Knowledgeable Legal Counsel Representing Ohio Employees for Over 40 Years SCHEDULE A FREE CONSULTATION

Understanding Race Discrimination

March 10, 2022

black and white woman holding handsOhio enacted civil rights legislation five years before the federal government passed the landmark Civil Rights Act of 1964. The Ohio Civil Rights Act of 1959 was said to "prevent and eliminate the practice of discrimination in employment against persons because of their race, color, religion, national origin, or ancestry."

The act originally covered only public accommodations, such as hotels and restaurants, to help prevent segregation in the era of Jim Crow laws across the nation. The Ohio statute was subsequently expanded over the years and now covers all businesses and is enforced by the Ohio Civil Rights Commission (OCRC).

Title VII of the U.S. Civil Rights Act protects individuals against employment discrimination based on race and color as well as national origin, sex, or religion. Both acts cover discriminatory practices in hiring, firing, advancement, and compensation and benefits, and they also protect against harassment and retaliation. The federal statute is enforced by the Equal Employment Opportunity Commission (EEOC).

If you feel you have been discriminated against because of your color, race, or national origin in Akron, Ohio –or in Hudson, Canton, Lorain, and Cleveland – contact the Law Offices of F. Benjamin Riek III immediately.

Attorney F. Benjamin Riek III will listen to your story, investigate and advise you of your options. He will use every administrative and legal remedy at his disposal to protect your rights and help make sure you are treated fairly.

Anti-Discrimination Laws

As mentioned above, both the federal government and the State of Ohio have statutes on the books protecting the rights of individuals against discrimination at work based on race, color, or national origin, along with many other characteristics, including age, sex, religion, veteran’s status, pregnancy and more.

Before a lawsuit, you must file a charge of discrimination either with the EEOC or the OCRC. These agencies, if they don’t investigate and resolve the situation, will then issue you a notice of the right to sue.

Before Ohio passed the Employment Law Uniformity Act (ELUA) in 2021, a lawsuit was possible before filing an OCRC charge, but not anymore. The ELUA also lowered the time frame in which you have to file a charge from six years to two. The EEOC has an even shorter statute of limitations at 300 days following the discrimination action or incident.

Defining Race Discrimination

When it comes to employment, race discrimination (or any other type of discrimination) can commence even before interviews are held for a job opening. The announcement or advertisement for a job may be discriminatory in its wording if it specifies that only certain types of individuals need to apply. Discrimination can also appear in the hiring process itself, and it certainly can affect a worker’s employment status and working conditions.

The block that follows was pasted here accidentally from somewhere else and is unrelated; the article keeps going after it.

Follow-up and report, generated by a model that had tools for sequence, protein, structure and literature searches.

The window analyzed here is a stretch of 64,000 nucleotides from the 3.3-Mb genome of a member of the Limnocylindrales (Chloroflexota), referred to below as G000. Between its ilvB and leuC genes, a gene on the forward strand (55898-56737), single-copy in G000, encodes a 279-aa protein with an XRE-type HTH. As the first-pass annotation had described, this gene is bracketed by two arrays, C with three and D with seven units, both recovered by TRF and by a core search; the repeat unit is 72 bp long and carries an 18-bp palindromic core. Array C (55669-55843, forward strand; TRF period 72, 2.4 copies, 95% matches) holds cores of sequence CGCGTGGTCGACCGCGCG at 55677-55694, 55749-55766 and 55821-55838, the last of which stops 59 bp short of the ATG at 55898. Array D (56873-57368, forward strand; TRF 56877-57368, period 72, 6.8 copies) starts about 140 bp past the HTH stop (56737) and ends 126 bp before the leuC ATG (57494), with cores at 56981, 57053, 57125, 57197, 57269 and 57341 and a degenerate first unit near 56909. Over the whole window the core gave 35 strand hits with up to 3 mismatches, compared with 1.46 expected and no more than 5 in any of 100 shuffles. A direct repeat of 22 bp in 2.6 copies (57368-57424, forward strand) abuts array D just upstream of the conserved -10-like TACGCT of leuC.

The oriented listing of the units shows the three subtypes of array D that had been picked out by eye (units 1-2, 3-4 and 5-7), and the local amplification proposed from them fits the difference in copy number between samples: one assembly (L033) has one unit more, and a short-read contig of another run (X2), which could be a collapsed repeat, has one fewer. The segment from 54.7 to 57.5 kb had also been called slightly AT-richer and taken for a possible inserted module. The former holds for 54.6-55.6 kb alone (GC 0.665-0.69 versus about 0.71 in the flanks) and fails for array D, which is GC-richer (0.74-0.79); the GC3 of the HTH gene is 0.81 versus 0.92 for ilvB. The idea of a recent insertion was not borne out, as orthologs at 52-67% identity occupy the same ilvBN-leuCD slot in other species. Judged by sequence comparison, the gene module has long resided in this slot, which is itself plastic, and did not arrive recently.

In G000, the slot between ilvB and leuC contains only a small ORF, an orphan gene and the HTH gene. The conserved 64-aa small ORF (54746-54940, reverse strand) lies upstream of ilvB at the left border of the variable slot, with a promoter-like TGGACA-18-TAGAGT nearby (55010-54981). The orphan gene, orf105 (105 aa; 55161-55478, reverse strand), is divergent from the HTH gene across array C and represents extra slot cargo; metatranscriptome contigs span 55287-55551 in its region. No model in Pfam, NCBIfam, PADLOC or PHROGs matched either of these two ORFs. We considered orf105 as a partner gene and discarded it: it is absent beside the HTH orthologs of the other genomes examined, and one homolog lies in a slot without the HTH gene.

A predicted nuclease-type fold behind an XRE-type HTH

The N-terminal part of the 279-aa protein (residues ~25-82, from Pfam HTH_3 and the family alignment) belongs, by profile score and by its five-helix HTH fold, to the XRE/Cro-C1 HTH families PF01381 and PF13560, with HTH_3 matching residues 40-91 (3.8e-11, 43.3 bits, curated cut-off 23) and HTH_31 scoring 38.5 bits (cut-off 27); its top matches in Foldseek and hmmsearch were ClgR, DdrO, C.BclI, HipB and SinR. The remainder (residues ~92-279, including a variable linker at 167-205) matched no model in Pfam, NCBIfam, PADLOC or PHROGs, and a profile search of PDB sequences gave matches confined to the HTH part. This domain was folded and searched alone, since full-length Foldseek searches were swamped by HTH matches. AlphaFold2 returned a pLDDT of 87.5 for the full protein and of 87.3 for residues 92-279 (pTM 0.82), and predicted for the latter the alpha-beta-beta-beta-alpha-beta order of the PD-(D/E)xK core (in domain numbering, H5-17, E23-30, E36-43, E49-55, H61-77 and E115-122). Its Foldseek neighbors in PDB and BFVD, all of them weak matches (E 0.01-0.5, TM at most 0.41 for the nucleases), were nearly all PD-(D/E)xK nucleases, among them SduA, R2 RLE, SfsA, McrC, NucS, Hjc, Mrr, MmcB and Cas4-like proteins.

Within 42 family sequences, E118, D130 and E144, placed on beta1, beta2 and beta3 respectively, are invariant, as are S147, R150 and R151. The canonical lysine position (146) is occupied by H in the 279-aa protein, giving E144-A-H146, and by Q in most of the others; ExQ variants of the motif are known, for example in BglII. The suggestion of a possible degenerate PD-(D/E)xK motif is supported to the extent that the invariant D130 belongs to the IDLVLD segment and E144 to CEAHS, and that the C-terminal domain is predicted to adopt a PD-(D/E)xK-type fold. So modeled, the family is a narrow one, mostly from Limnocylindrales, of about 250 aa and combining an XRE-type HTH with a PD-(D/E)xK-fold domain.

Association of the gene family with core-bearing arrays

Denial of advancement opportunities, or the training needed to advance, based on a protected characteristic is also discriminatory, as are workplace policies that limit compensation, benefits, sick and leave policies based on race, color, or national original – whether through overt acts or by a pattern of behavior. If, for instance, minorities are consistently passed over for supervisorial jobs, that is likely a sign of discrimination, as discussed next.

Disparate Treatment vs. Disparate Impact

The law recognizes discrimination in two forms, disparate treatment, and disparate impact. Disparate treatment refers to policies or actions that deliberately discriminate against classes of people, whether based on race, color, national origin, or another characteristic.

Disparate impact can be unintentional but will lead to discriminatory results.

Both disparate treatment and disparate impact are discriminatory and run afoul of the Ohio Civil Rights Act and the U.S. Civil Rights Act. They are also sometimes referred to as adverse treatment and adverse impact.

Harassment Based on Race

Civil rights legislation also protects employees from harassment based on their race or other protected characteristic. Harassment can range from derogatory jokes, racial slurs, personal insults, and expressions of disgust to intolerance toward a particular race. Mocking someone’s accent is also harassment.

Harassment can come from co-workers, managers, customers, patients, and third-party suppliers.

How a Knowledgeable Attorney Can Help

Many employees fear coming forward with complaints of discrimination or harassment for fear that something worse might happen. Your supervisor or employer might make life more difficult for you, but the civil rights laws protect against retaliation.

If you feel you have been victimized by discrimination at work in Akron, Hudson, Canton, Lorain, or Cleveland, Ohio, contact the Law Offices of F. Benjamin Riek III immediately. As a former employee of the U.S. Department of Labor (DOL), Attorney F. Benjamin Riek III understands all applicable anti-discrimination and harassment laws. He can help you aggressively assert your rights. Do not hesitate to call right away.